“With the selfless leadership shown by the Comptroller General, Alhaji Mohammed Babandede, we at the PCO, Ikoyi, Lagos, have decided to re-dedicate ourselves to duty and complement the efforts of the CGIS.
“We are prepared more than ever to wage the anti-miscreants war relentlessly.
Liman assured the general public of friendly environment for legitimate transaction in an effort to strengthen the national economy, warning deviants to shun touting and other related vices.
According to him, “the command has keyed into the various strategies including the use of ICT in gathering of intelligence, among others.
“The service believes that the fight against miscreants within its corridor cannot be undertaken by the service alone, hence our call on Nigerians to partner with us in ensuring that the passport seekers do not patronise touts to defraud them. Our resolve is unshaken and our commitment is total”.
On her part, the Public Relations Officer of the command, a Deputy Superintendent of Immigration (DSI), Mrs Adetoun Shiyindemi, commended the Deputy Comptroller Liman, for his selfless service, pointing out that he has really given the officers and men of the command a sense of belonging.
“Since the Comptroller came in, it has been a servant-leader relationship here at Ikoyi PCO and we are all motivated to put in our best with what the CGIS has given us, you will see a new immigration service”, she assured.
By: NkpemenyieMcdominic, Lagos
Union Urges NIMASA, RSG To Dredge PH/Bonny Jetty
The Bonny Maritime Transport Association (BMTA) has called on the Nigerian Maritime Administration and Safety Agency (NIMASA) and the Rivers State Government to dredge the Port Harcourt/Bonny Jetty to enhance marine operations.
The union said the low shore of the river hampers its operations and grounds boats.
The Marine Safety Officer, BMTA, Comrade Kings Don, who made the call, said the low shore of the jetty was not helpful to marine operations.
According to him, drivers and passengers find it difficult to ply the route whenever the tide is low, thus wasting man hours.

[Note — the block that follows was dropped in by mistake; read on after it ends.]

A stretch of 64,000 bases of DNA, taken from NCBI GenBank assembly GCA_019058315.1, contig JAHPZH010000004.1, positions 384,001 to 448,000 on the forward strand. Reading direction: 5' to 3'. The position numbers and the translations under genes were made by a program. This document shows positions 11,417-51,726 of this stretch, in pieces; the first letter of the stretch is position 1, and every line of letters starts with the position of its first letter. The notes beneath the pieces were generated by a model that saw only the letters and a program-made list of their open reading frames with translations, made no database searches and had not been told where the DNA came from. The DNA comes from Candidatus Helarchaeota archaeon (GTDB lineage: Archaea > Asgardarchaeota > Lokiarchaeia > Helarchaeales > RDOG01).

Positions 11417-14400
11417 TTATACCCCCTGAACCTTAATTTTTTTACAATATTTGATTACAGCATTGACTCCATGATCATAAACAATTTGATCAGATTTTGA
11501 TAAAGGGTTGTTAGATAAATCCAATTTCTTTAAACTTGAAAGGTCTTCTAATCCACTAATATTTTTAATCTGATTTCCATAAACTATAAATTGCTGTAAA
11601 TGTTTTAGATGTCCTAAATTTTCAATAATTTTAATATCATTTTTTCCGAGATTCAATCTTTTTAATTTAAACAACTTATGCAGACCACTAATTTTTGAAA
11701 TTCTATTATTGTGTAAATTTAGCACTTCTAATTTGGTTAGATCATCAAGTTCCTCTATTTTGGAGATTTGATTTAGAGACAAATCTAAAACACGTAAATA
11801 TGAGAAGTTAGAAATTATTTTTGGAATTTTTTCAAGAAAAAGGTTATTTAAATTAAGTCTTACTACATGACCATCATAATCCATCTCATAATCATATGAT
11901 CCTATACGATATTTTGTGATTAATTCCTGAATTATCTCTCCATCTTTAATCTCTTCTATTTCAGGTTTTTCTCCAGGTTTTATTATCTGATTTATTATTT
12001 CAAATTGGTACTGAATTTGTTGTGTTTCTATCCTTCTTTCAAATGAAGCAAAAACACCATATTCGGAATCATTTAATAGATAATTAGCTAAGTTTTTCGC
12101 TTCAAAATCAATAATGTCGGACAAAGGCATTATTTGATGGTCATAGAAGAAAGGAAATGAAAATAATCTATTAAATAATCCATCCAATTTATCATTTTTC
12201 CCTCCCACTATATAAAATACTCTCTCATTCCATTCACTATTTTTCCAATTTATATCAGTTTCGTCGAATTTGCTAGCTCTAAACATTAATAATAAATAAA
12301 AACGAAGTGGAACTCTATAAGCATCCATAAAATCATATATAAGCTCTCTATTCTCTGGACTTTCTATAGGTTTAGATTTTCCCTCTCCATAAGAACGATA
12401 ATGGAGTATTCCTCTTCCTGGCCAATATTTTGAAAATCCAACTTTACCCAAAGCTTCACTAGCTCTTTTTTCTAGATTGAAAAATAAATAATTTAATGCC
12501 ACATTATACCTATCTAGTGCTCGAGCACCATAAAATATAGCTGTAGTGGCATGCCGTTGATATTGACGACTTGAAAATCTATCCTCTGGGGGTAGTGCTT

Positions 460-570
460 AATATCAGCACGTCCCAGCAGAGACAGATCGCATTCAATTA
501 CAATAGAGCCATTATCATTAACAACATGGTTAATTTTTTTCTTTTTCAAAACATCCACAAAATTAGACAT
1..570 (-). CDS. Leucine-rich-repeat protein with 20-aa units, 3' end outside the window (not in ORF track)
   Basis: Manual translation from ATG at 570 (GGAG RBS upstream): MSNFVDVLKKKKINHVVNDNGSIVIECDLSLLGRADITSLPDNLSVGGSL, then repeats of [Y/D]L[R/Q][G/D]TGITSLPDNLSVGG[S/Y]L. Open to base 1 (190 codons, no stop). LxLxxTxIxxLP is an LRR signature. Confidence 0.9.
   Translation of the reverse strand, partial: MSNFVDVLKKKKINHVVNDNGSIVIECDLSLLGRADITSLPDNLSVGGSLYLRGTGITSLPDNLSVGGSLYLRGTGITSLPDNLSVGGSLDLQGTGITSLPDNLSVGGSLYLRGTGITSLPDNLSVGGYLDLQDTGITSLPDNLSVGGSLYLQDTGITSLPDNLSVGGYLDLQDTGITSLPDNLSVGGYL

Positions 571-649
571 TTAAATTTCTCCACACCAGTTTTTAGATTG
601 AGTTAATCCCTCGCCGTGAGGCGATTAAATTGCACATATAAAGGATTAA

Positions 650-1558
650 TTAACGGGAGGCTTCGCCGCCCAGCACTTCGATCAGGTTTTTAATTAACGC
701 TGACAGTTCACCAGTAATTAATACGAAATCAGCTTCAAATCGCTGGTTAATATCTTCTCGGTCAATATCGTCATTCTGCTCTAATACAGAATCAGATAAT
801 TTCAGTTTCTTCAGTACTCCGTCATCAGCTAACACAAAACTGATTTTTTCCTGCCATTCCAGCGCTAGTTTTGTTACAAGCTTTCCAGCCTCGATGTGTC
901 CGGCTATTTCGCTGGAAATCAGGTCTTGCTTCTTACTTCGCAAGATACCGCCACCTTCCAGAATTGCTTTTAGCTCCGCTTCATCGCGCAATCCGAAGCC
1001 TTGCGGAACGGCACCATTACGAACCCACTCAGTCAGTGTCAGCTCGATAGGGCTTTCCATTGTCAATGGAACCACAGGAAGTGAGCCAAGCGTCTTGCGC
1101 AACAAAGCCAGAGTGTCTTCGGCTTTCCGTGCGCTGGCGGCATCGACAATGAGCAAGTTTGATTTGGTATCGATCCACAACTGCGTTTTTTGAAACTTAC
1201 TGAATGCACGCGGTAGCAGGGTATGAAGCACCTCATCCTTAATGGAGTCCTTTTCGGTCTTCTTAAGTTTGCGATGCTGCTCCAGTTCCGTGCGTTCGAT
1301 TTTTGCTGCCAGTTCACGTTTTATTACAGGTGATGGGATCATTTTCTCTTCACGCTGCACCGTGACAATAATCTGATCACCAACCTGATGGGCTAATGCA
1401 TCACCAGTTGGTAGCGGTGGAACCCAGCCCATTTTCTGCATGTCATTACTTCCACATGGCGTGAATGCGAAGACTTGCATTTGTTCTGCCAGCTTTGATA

“Sometimes, we push the boat to a level it would afloat due to low tide suffered in the jetty. We are appealing to NIMASA and the state government to assist and dredge the jetty for more efficiency”, he pleaded.
Don described the Port Harcourt/Bonny Jetty as the gateway to Bonny Island and other riverine communities, and called on NIMASA and the state government to intervene and make the marine sector viable in the area.
He said that the prompt dredging of the jetty would enhance water transportation in the state and improve its revenue generation.
He, however, commended the security agents, especially the Nigerian Navy and the marine police, for rescuing the waterways and creeks from all forms of criminality.
Comrade Don appealed to the security agents to engage in 24-hour patrol of the routes and other channels to save lives and property.
By: Chinedu Wosu
Boat Mishaps: Ship Owner Blames Absence Of Safety Regulations
A renowned ship owner in the country, Alhaji Aminu Umar, has decried lack of standardisation and enforcement of safety measures on the nation’s inland waterways by the National Inland Waterways Authority (NIWA).
He also blamed lack of will to enforce regulations, safety, standard and regulations on overloading, night voyage, rickety and old craft as causes of mishap on the inland waterways.
Alhaji Umar, who is a former president, Nigerian Shipowners Association (NISA), said in Minna, Niger State, recently that enforcement of safety and standard on the nation’s inland waterways was weak.
Reacting to incessant boat mishaps in the country, Umar said, “there is no standard applied on movement of people, as all kinds of boat are being used. It is important that we standardise, because lack of safety and standard will increase accident.
“I think, the task of NIWA is to standardise conditions and procedures on the nation’s waterways”.
He also called for the regulation of movement of badges and passenger boats across the port environment.
“It’s a huge risk allowing badges moving containers around the port area side by side with boats carrying passengers.
“Moving people and containers at the same time is a huge risk, and a safety concern.
“NIWA and the Nigerian Maritime Administration and Safety Agency (NIMASA) and the Nigerian Ports Authority (NPA) should see to this and tackle the menace”, he said.